(November 19, 2013) - As high level government officials gather in Warsaw this week to discuss climate finance as part of global climate talks, the need to gather momentum for adaptation finance from public sources is high on the agenda.
While the world must do more to curb the emission of greenhouse gases, it must also do more, today, on adaptation. The most recent report from the Intergovernmental Panel on Climate Change emphasized that many impacts of climate change will persist for centuries, even if emissions of CO2 are stopped today.
Funding for adaptation has been minimal, despite the pledge by developed nations in 2009 to “provide new and additional resources … approaching $30 billion for the period 2010–2012, with balanced allocation between adaptation and mitigation.” So far this “balanced allocation” is far from being achieved. Current public commitments to climate change finance have been dedicated in large parts to reducing emissions of greenhouse gases. A number of studies indicate that less than 20% of climate aid currently goes to adaptation.
And yet the need for financing to help nations vulnerable to climate risks is far from being met and is expected to grow. As a rapidly changing climate continues to disrupt human lives, community safety and economic productivity, the need for action to help people cope while keeping natural systems resilient will only become more pressing.
“Investments in adaptation are urgently needed today to lessen impacts in the future” said Edward Perry, Climate Change Policy Officer at BirdLife International. ‘‘It is clear that vulnerable people and the ecosystems upon which they depend are already suffering the effects of climate change – dramatically scaling up finance to support the development and implementation of robust national adaptation planning is critical.”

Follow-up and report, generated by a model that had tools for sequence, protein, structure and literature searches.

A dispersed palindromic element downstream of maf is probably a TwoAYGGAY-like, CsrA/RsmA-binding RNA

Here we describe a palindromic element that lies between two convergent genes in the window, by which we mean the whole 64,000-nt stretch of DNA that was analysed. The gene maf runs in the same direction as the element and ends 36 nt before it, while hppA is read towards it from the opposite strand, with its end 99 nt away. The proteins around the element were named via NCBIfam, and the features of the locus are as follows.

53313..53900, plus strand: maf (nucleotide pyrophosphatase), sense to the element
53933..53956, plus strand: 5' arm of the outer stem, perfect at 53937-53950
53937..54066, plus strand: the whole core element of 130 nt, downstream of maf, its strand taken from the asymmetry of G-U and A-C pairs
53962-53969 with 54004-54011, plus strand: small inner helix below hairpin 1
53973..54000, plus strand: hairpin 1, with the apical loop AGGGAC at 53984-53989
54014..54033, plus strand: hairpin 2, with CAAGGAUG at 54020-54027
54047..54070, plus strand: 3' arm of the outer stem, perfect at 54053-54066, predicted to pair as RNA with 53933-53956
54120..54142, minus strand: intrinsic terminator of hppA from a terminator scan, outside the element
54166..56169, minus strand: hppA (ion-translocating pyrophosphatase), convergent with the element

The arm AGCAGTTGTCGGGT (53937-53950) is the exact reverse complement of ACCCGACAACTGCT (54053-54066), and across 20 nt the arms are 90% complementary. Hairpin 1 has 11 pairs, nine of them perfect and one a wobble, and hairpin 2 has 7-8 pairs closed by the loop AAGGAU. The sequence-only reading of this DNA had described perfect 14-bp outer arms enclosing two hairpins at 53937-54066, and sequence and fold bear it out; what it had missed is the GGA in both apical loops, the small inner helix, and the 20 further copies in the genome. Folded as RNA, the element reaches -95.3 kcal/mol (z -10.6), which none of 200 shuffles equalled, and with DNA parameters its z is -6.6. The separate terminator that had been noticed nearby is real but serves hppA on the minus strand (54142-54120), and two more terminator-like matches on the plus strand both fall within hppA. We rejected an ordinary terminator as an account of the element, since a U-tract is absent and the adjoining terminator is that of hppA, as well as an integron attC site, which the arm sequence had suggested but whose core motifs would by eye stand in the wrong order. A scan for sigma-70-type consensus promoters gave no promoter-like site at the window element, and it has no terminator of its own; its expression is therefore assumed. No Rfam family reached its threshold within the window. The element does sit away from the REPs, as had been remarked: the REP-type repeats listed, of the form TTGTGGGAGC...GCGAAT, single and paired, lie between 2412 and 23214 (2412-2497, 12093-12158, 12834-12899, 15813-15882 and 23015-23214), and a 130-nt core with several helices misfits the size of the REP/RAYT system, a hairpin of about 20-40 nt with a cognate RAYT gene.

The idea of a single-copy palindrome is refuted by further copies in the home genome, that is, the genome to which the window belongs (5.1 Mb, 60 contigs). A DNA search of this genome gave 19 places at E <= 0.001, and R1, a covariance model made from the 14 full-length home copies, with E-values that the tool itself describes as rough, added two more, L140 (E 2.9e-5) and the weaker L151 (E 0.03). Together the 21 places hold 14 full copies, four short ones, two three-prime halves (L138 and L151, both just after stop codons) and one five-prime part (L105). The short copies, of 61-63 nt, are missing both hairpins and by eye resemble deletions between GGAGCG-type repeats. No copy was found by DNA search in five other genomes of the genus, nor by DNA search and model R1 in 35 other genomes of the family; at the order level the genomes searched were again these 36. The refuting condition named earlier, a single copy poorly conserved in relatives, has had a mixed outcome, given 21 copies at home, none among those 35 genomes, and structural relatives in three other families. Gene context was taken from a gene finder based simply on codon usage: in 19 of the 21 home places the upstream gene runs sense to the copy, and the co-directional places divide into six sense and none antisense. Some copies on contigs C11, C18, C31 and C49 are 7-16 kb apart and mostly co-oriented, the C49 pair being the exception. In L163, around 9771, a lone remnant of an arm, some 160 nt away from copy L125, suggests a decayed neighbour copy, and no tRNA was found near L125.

Calls for addressing loss and damage associated with climate change have been a focus during this latest round of climate talks. “Action to address loss and damage from climate change should advance risk reduction and increase resilience as a priority. It’s therefore vital to not lose sight of the urgent need for more investment in adaptation,” said Imen Meliane, Director of International Adaptation Policy at The Nature Conservancy. “It’s important to apply the lessons learned from the disaster community, which was previously focused on disaster relief and recovery, but increasingly recognizes the importance of investing in preventive action - because it pays to do so.”
“Disaster risk reduction strategies are indeed beginning to gain traction with finance ministries as growing economic evidence demonstrates that investments in prevention have a real return on investment,” said Meliane. “We know from the UN Office for Disaster Risk Reduction that an investment of $1 dollar in prevention can avert about $10 in losses.”